Understanding pseudolesions of the liver is important due to their close resemblance to primary liver cancers or metastases. Pseudolesions are caused by unusual/altered hemodynamics of the liver. Recruitment of the hepatic subcapsular venous collaterals, portal vein obstruction, arterioportal shunts, liver compression, superior or inferior vena caval obstruction, hepatic vein obstruction, hepatic infarction, and intrahepatic vascular shunts result in pseudolesions (4).
Although the liver has a dual blood supply, the subcapsular portion of the liver is supplied by another venous system, a third hepatic inflow comprising the cholecystic, parabiliary, or epigastric-paraumbilical venous system (5, 6). The superior vein of Sappey drains the cranial component of the falciform ligament and the medial aspect of the diaphragm and enters the peripheral portal branches of the left hepatic lobe. It also communicates with branches of the superior epigastric or internal thoracic veins. The inferior vein of Sappey drains the caudal portion of the falciform ligament and enters the peripheral portal branches of the left hepatic lobe. It descends along the round ligament and communicates with branches of inferior epigastric veins around the umbilicus. The vein of Burow also communicates with branches of the inferior epigastric veins around the umbilicus. However, it does not enter the liver directly, but rather terminates in the middle portion of the collapsed umbilical vein, although some small communicating branches are present between it and the inferior vein of Sappey, namely the intercalary veins (7). In SVC obstruction, there is recruitment of the cavo-mammary-phrenic-hepatic-capsule-portal pathway, and the venous blood enters the internal mammary vein, the inferior phrenic vein, the hepatic capsule veins, and the intrahepatic portal system, causing a hypervascular pseudolesion in segment IV A of the liver (8). The nuclear-medicine correlate of the same physiology is the focal hepatic hotspot sign observed on technetium-99m sulphur colloid scans of the liver and spleen, which represents the focal increased uptake of the radiopharmaceutical material in segment IV A of the liver (9).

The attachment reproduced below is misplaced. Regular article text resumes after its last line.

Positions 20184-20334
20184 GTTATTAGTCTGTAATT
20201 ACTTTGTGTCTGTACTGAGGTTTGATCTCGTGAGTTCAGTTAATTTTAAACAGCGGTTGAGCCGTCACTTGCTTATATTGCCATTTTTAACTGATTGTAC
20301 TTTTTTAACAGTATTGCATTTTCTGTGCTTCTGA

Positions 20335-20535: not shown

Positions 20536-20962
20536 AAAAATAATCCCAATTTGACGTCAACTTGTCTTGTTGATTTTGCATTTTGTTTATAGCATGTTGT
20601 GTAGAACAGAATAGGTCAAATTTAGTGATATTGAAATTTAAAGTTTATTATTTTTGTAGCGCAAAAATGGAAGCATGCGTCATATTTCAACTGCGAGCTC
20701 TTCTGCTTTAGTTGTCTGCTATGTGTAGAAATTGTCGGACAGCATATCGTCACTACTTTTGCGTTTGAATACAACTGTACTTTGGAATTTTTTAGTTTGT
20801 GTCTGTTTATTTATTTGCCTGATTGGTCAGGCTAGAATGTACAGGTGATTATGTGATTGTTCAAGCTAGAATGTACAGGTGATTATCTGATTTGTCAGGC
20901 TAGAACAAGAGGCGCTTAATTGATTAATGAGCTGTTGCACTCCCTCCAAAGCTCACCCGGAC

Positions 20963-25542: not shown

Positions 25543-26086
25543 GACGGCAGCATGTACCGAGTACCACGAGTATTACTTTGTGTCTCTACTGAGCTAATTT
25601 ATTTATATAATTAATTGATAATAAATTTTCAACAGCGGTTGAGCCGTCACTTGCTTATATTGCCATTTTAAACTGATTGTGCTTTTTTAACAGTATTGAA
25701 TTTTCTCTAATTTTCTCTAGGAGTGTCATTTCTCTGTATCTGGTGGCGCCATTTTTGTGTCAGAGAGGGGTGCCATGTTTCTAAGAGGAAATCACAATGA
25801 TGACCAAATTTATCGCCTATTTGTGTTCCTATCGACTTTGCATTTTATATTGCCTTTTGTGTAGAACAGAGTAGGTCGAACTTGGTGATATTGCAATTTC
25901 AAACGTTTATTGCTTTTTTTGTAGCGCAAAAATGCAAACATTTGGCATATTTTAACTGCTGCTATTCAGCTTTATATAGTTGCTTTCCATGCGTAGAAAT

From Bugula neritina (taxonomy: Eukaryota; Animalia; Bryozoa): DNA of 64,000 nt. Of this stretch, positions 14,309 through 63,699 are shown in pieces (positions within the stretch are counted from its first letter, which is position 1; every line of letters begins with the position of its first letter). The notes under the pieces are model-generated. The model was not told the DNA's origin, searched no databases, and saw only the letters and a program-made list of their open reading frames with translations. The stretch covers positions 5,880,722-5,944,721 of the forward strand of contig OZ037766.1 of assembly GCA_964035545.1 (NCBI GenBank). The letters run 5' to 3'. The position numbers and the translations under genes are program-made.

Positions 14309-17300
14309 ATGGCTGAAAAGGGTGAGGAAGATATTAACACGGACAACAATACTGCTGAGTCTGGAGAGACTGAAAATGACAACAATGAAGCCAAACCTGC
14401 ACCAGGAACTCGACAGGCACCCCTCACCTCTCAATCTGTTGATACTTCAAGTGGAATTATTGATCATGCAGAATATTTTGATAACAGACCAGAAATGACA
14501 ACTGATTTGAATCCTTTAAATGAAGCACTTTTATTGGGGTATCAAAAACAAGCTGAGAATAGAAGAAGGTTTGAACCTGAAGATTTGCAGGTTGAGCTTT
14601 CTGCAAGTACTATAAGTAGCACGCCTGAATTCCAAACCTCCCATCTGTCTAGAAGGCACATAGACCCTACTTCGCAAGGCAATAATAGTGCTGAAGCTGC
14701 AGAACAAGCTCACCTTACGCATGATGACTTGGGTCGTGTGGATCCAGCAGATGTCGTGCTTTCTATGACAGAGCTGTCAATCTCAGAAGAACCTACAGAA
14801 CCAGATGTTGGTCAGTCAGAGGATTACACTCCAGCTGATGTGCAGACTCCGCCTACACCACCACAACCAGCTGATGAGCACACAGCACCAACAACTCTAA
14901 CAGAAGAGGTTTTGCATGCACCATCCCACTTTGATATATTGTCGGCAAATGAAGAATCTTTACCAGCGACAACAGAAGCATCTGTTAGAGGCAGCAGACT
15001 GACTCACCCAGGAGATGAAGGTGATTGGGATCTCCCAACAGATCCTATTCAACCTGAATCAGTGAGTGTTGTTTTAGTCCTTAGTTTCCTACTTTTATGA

With advances in scanner technology, we are increasingly noticing these enhanced collateral vessels causing pseudolesions, characteristically in the cephalic segment IV of the liver. These pseudolesions are best appreciated on dynamic-bolus, arterial-phase-enhanced CT. These subcapsular lesions commonly have a wedge shape, lack mass effect, and have normal vessels coursing through them (10). The characteristic finding would however be the enhanced superior vein of Sappey directly supplying the enhancing pseudolesion in the cephalic portion of segment IV (8). Normally, the blood arriving through the epigastric–paraumbilical venous system arrives in the late portal phase and rarely causes enhancement in the arterial phase, the exception being SVC obstruction due to the collateral flow (10).
In conclusion, recognizing the classic appearances of the hypervascular pseudolesion in the cranial aspect of segment IV of the liver from the vein of Sappey has prognostic implications in directing further evaluation of the chest for SVC obstruction.
Published: July 15, 2010